Where to Find a Trailhead
The Legacy Trail’s notable accessibility extends to the number and quality of trailheads and public access points it has. Over just 18.2 miles, the Sarasota County parks department manages 15 trailheads that include dedicated free parking. Eleven of those are public parks in their own right, with restrooms and other amenities. (The longest stretch of the Legacy Trail without restrooms is less than four miles, in the Palmer Ranch area between Culverhouse Nature Park and Osprey Junction.)
In addition to typical park amenities like playgrounds, water fountains and picnic tables, most trailheads also have a bicycle repair station equipped with a bike stand and specialty tools, plus a bike pump with two different valve fittings.
And some of these access points are attractions in and of themselves. The Pompano Trailhead, between the Tuttle Avenue and Beneva Road crossings, and the Nokomis Community Park both offer pickleball and volleyball courts and indoor facilities that are available for rent. Payne Park even has a skate park and a nine-hole disc golf course with water features—not to mention its own café.
If you’re within riding or walking distance, you can also access the trail from bike paths and sidewalks at any public road intersection, including the crossings at Bahia Vista Street in Pinecraft, Webber Street near Southgate, and Central Sarasota Parkway. (Visit scgov.net for a comprehensive rundown of county-run Legacy Park trailheads.)
KICK BACK AND RELAX
The Surrey With the Fringe on Top
Sometimes you just want to let someone else do all the work. Powered by a volunteer surrey-peddler, the county’s free Legacy Trail Surrey offers 45-minute guided tours for up to four passengers on Tuesdays and Wednesdays during certain times of the year. (Passengers in the back row have the option of pedaling, too, if they want.) Tours leave from the Sandra Simms Terry Community Center in Nokomis at 10 a.m., 11 a.m. and noon, and reservations are required. Click here to reserve.
The Legacy Trail Is Just One Among Many
For some folks, 18.2 miles is just the beginning of their journey. If you’re cycling the Legacy Trail, you’ve got options.
Starting from the trail’s official southern endpoint at the Venice Train Depot, the Venetian Waterway Park trail continues south for another four seamless miles, along either side of the Intracoastal Waterway, and takes you all the way to Shamrock Park and Caspersen Beach.
Or take the trail’s Nokomis Riverview Park access exit east to Florence Street/Edmonson Road/Border Road, which provides a combination of bike lanes, low-traffic roads and multi-use trails over I-75 to Deer Prairie Creek and eventually to the newly opened, fully paved North Port Connector. All told, getting to the connector adds 14 miles to your journey.
Supporters also hope to eventually connect the Legacy Trail north to the Florida Gulf Coast Trail, a proposed 336-mile, seven-county corridor, via downtown Sarasota and Longboat Key.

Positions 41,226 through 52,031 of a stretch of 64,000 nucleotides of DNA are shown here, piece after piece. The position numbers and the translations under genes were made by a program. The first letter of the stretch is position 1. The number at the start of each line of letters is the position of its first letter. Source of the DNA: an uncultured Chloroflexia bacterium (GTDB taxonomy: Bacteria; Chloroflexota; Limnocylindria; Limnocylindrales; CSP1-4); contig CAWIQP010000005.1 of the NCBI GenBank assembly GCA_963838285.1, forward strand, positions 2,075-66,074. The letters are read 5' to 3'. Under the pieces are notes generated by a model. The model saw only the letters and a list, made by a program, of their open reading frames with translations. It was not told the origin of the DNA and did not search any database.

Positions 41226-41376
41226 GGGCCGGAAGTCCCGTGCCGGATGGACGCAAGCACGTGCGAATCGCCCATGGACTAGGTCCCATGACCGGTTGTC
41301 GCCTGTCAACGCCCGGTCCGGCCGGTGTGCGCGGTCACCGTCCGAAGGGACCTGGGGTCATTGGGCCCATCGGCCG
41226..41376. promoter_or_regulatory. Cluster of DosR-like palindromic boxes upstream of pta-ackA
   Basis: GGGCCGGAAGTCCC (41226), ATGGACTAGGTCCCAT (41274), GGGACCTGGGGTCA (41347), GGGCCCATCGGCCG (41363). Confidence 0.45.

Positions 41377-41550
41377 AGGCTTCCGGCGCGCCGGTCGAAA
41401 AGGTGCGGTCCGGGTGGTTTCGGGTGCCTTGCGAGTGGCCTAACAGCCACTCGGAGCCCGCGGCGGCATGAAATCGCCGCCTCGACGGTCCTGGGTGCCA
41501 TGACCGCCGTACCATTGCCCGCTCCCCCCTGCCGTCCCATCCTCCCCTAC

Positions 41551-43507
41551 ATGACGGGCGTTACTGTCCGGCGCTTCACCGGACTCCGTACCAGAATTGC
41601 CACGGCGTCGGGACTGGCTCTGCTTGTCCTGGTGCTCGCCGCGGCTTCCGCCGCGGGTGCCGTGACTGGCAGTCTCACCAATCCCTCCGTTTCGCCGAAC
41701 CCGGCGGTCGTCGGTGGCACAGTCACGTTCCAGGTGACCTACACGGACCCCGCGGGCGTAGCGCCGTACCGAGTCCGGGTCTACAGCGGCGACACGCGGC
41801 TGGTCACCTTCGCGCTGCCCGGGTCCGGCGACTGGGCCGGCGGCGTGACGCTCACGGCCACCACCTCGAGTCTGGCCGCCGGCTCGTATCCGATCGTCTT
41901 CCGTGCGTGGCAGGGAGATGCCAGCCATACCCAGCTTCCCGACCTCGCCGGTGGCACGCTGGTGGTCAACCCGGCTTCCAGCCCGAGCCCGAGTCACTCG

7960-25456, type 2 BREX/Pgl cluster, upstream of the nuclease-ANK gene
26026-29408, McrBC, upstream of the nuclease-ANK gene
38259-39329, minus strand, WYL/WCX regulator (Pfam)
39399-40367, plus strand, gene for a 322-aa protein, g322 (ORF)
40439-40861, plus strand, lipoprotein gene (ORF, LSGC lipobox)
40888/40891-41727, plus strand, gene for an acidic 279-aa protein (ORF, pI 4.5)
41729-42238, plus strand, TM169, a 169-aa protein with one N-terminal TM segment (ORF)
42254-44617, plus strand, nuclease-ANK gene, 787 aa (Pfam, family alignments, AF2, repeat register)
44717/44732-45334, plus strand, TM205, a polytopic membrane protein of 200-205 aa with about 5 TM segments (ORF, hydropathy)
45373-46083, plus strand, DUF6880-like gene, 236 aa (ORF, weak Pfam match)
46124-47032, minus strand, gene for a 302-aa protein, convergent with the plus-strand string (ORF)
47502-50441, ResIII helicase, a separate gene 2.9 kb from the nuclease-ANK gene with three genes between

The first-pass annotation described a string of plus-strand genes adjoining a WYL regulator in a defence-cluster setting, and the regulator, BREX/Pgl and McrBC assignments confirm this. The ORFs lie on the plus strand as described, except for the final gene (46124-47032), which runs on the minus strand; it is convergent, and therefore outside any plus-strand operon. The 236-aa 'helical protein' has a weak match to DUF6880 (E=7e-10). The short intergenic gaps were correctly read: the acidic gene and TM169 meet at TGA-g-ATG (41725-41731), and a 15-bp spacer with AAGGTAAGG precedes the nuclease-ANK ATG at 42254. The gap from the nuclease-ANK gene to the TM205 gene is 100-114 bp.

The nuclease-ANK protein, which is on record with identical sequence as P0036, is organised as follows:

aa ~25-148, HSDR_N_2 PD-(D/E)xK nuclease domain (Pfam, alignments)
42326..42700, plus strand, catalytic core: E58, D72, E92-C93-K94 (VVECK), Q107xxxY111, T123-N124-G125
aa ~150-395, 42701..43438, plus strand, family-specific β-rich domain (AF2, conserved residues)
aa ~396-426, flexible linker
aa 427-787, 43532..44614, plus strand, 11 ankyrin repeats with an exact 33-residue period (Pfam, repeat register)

Other planned and proposed connectors include links to the recently reopened Bobby Jones Golf Club, the Celery Fields and Nathan Benderson Park.
Fun Destinations and Scenic Spots
As the cliché goes, it’s not about the destination on the Legacy Trail, it’s about the journey. And the trail provides plenty of interesting spots to brake for on your trip.
Folks stepping onto the trail’s southern endpoint for the very first time may feel a surprising twinge of childhood nostalgia, and here’s why: Look closely during the opening scenes in Disney’s animated classic Dumbo, and you may recognize the Venice Train Depot in the long row of peach-colored archways depicted alongside the departing circus train. It’s not official, but the movie’s 1941 Florida setting would have historically implied a Sarasota County location, and it’s impossible not to see the similarities.
Built in 1927, the depot is now a historic park in and of itself, with exhibits and free tours at select times. The site also displays a 1953 Pullman train car formerly owned by the Ringling Bros. and Barnum & Bailey Circus.
At other points, the trail has wide-open water views—specifically from the bridges over Dona Bay/Shackett Creek and Roberts Bay. Less than a mile apart, these two concrete spans sport metal railings and mid-bridge breakout points for stopping and admiring the peaceful waters and occasional passing manatees. The Dona Bay crossing, the more dramatic of the two, also makes for popular sunset viewings. Post those pictures proudly: With no parallel roads or bridges nearby, these particular vantage points are exclusive to Legacy Trail users alone.
Nature lovers have plenty to ogle along the trail, especially during the two miles that cut directly through Oscar Scherer State Park. Known for its population of endangered scrub jays—a bird species that can only be found in Florida—the 1,400-acre Oscar Scherer is more than a day’s adventure in and of itself. But it also makes for an idyllic picnic pit stop for trail users who ultimately want to keep moving.
Not that nature stops at the park borders. North of Oscar Scherer, the trail skirts golf courses at Stoneybrook and TPC Prestancia, plus natural areas in Palmer Ranch and Culverhouse Nature Park. Gopher tortoises, box turtles, ospreys and bald eagles, deer, bobcats, many types of snakes, dinosaur-like sandhill cranes and even alligators are all common, but still thrilling, sightings. The trick is whipping out your phone fast enough to take a picture.
While you’re scanning the trail’s sidelines for critters, keep an eye out for the stout white obelisk mile markers, labeled with numbers in the 800s that get larger as you travel south. These historic railway remnants actually tell you how far you are from Richmond, Virginia—the northernmost point of the Atlantic Coast Line railroad.
The southern part of the trail may be rich in nature, but real estate looky-loos can savor neighborhood views in the north. Many homeowners have refurbed their landscaping to accommodate trail-side barbecues—or just to improve the view. (There are plenty of privacy fences, too. Not everyone welcomes the parade of strangers through their neighborhoods.)